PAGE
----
Wednesday, April 22, 2015

Slurping in Google Spreadsheet Data in 6 lines of Standard PHP Code

A data analyst and a coder walk into a bar... Actually, scrap that. A data analyst and a coder have to quickly solve a problem. The data analyst has the data in spreadsheet form, but the coder wants a programmer friendly solution. What do they do? The coder could build out a full blown app, first by importing the analyst's data into a database, and then developing a crude UI for the analyst to interact with, but that would be overkill. Remember Programmers should be lazy.

Recently I found myself in this sort of situation. The code I needed to write was basically some trivial PHP. But getting the data in and out was going to be a pain. So I turned to my Digital Swiss Army Knife: Google Spreadsheets for a solution.

I had the data analyst import the data into a Google Spreadsheet. I then used the old school Spreadsheets List API to access the data from within PHP. To make matters especially simple, I had the analyst publish the data to the web and then used the publicly accessible API. The result was that I spent no time worrying about authentication, and could test everything out on the command line using curl.

I used PHP's curl to grab the data and SimpleXML to easily pick through it. There were a couple of speed bumps to get over (like how to access the namespaced elements in SimplXML), but once I figured them out, the solution couldn't have been simpler.

Here's a trivial demo I put together which exercises all this. First, I've got a Sample Data Set, and then I've got some code which slurps in this data and spits out the max and average. Of course, if that's all the info I needed, I'd forgo this whole PHP script. Where this sort of solution really shines is when you need to access multiple tabs from the spreadsheet and either filter or aggregate data in complex ways.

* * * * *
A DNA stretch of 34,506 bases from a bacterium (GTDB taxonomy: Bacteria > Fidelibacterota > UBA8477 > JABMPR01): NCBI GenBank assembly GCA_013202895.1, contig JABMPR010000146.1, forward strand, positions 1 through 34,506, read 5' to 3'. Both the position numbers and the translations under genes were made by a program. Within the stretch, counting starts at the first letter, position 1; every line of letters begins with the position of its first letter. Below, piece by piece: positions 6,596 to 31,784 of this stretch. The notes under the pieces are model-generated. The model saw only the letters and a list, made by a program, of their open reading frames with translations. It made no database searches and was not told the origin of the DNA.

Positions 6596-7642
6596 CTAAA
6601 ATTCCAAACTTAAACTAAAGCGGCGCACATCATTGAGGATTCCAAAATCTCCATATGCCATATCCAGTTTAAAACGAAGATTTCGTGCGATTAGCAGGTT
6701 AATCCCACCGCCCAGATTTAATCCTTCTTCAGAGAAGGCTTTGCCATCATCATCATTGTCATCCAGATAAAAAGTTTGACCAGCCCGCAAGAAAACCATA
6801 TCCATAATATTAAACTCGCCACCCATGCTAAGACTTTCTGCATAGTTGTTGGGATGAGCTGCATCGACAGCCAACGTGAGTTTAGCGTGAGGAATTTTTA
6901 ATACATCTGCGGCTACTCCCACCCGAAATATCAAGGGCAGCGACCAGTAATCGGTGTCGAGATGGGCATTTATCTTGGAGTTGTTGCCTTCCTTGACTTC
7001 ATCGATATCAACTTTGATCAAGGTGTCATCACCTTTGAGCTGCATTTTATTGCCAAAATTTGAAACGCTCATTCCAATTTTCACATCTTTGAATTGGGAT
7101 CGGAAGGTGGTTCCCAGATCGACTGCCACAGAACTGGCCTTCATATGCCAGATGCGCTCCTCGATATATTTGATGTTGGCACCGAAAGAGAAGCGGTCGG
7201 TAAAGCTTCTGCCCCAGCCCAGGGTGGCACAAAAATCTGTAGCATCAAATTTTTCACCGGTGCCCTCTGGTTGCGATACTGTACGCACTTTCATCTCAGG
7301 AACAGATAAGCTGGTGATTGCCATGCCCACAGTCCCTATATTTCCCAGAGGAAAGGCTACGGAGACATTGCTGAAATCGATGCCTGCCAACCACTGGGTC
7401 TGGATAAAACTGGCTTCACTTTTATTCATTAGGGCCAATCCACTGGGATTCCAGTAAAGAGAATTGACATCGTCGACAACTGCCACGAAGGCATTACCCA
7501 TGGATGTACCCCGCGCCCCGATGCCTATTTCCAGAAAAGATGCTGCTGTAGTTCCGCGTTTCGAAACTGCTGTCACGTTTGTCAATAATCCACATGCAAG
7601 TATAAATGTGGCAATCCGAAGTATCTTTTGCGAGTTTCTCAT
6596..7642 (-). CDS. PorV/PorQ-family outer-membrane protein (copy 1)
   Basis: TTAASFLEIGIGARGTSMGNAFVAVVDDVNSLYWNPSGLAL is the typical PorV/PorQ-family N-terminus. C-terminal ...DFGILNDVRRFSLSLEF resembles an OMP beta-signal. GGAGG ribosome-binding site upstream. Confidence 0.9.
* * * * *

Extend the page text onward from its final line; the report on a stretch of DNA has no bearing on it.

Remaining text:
Notice how the actual PHP for picking up the data from the spreadsheet is a measly 6 lines of code. SimpleXML's magic means that while no official API is used, accessing the document is painless.

Happy Hacking!

<?
/*
 * Demonstrate easy access to a Google Spreadsheet
 */

// Before getting into the code, you'll want to:
// (a) make sure the document is published to the web
// (b) figure out the worksheet URL by running something like
// 
//    curl -s 'https://spreadsheets.google.com/feeds/worksheets/[id]/public/full' | xmllint.exe  -format -|\
//       grep '2006#list' | sed -e 's/^.*href="//' -e '/".*//' 
//

$worksheet_url = 'https://spreadsheets.google.com/feeds/list/1IR4JAaJWcScBONP4R3O_IbO4ecyVF5kOBEBzoExjM7E/od6/public/full';

/*
 * OK, we've got our URL so slurp it in and make it an easily accessible
 * document.  Notice how the $gsx namespace is setup for easy use below.
 */
$ch   = curl_init($worksheet_url);
curl_setopt($ch, CURLOPT_RETURNTRANSFER, true);
$xml  = curl_exec($ch);
$doc  = new SimpleXMLElement($xml);
$ns = $doc->getNamespaces(true);
$gsx = $ns['gsx'];

/*
 * Do something with the data.
 */

header("Content-Type: text/plain");

$nsamples = 0;
$max = false;
$avg = false;

foreach($doc->entry as $e) {
 $nsamples++;
 if($max === false) {
   $max = array('ts' => $e->children($gsx)->timestamp . "", 
                'val' => $e->children($gsx)->pressure);
 } else {
   if(($e->children($gsx)->pressure . "") > $max['val']) {
     $max['ts']  = $e->children($gsx)->timestamp . "";
     $max['val'] = $e->children($gsx)->pressure . "";
   }
 }
 if($avg === false) {
   $avg = $e->children($gsx)->pressure . "";
 } else {
   $avg = (($e->children($gsx)->pressure . "") + $avg) / 2;
 }
}

echo "Num Samples: $nsamples\n";
echo "Max: {$max['ts']} = {$max['val']}\n";
echo "Avg: $avg\n";

?>

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